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2018 THSC Gala & Fundraiser

You are invited

to the 23rd annual THSC Gala & Fundraiser.

Saturday, October 13, 2018 The Woodlands Resort & Conference Center 2301 North Millbend Drive, The Woodlands, Texas Virginia Prodan, Speaker State Rep. James Frank, Master of Ceremonies

TEXAS

HOME SCHOOL COALITION

Keeping Texas Families Free

Participate in-person or online! If you are unable attend Gala, please visit THSC.org/Gala prior to the event to participate in the auction & after the event to view videos of Gala speakers.

Visit THSC.org/Gala. HOME EDU CATOR QUA RTERLY / FAL L 2 0 1 8

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AGES & STAGES

Delighting in Writing

Using Joy to Shape a Child’s Writing Relationship

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Photo by Ben White, Unsplash.com

By Stefanie Bennett

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I

would like to pose two questions: What kind of relationship do you want your children to have with writing, and how does your homeschooling approach help to shape that relationship? To answer these questions, it is helpful to first consider our own relationship with writing. Do you savor words like candy? Are they spread all over your life like confetti? Do books and journals surround your bed like a moat? Or are you the person who rejoiced when you finished school, just because it meant you never had to write another paper ever again? Beyond that, can you reflect on your own history with reading and writing to determine what shaped your relationship? In my elementary years, I wrote a poem that, two decades later, my father is still quoting to me—and even to complete strangers! I look back on my dad’s delighted response to my writing as the beginning of my love for words. It showed me that words have the power to do things in the real world— to move people; to make them laugh; to challenge them with a new or beautiful idea. How we respond to our own children’s writing has the power to shape their relationship with words too. Often, we hear both children and adults bemoan, “I’m not a good writer,” or “I don’t like writing.” When I hear that, I can’t help but wonder at the experiences that led them to believe those things. As an educator, would you rather your children love writing first, or write proper sentences first? If we teach them to love words, doesn’t that open the door for teachable moments in writing that will last?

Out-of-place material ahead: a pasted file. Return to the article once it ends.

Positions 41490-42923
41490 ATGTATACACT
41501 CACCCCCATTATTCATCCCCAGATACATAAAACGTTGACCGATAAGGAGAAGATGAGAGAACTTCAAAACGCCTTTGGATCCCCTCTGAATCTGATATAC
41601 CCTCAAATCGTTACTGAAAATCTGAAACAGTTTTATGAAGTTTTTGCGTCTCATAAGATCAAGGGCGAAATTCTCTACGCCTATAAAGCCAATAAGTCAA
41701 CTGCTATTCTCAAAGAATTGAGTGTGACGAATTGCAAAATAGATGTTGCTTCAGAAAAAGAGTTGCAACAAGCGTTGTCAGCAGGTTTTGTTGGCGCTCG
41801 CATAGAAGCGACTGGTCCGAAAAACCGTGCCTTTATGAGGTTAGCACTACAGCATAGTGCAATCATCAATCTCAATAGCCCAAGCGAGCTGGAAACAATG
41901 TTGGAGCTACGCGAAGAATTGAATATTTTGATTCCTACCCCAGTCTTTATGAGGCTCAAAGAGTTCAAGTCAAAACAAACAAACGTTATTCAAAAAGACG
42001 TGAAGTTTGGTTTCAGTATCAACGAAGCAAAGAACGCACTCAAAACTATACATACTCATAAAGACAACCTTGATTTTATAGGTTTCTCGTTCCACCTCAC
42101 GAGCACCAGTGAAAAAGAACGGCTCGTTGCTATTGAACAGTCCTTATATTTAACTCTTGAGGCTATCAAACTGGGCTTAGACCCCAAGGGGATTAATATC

But how do we replace the fear and frustration that has been known to accompany writing with healthy relationships instead? We can do this by recognizing that writing is both a joy and a journey. Joy is what motivates us to try our best and to keep trying, even when we encounter obstacles. Setting joy before our children—by modeling it in our own interactions with writing, by sharing joy

over their work, and in offering positive experiences to them can help them avoid the drudgery that so many encounter when it comes to putting pen to paper. Certainly we don’t neglect grammar or idea development for the sake of “fun,” but we can reflect on the ways that we were taught and challenge our approach to be intentional about what we are offering our children. If we aren’t careful, we can allow grammar and a blank page to rob them of the fulfillment that comes from the process of crafting quality texts. I want my daughter to feel the freedom to create (even if it initially involves mistakes), so long as she sees them as a purposeful part of the journey. And joy—both theirs and ours—nourishes our children as they take these risks.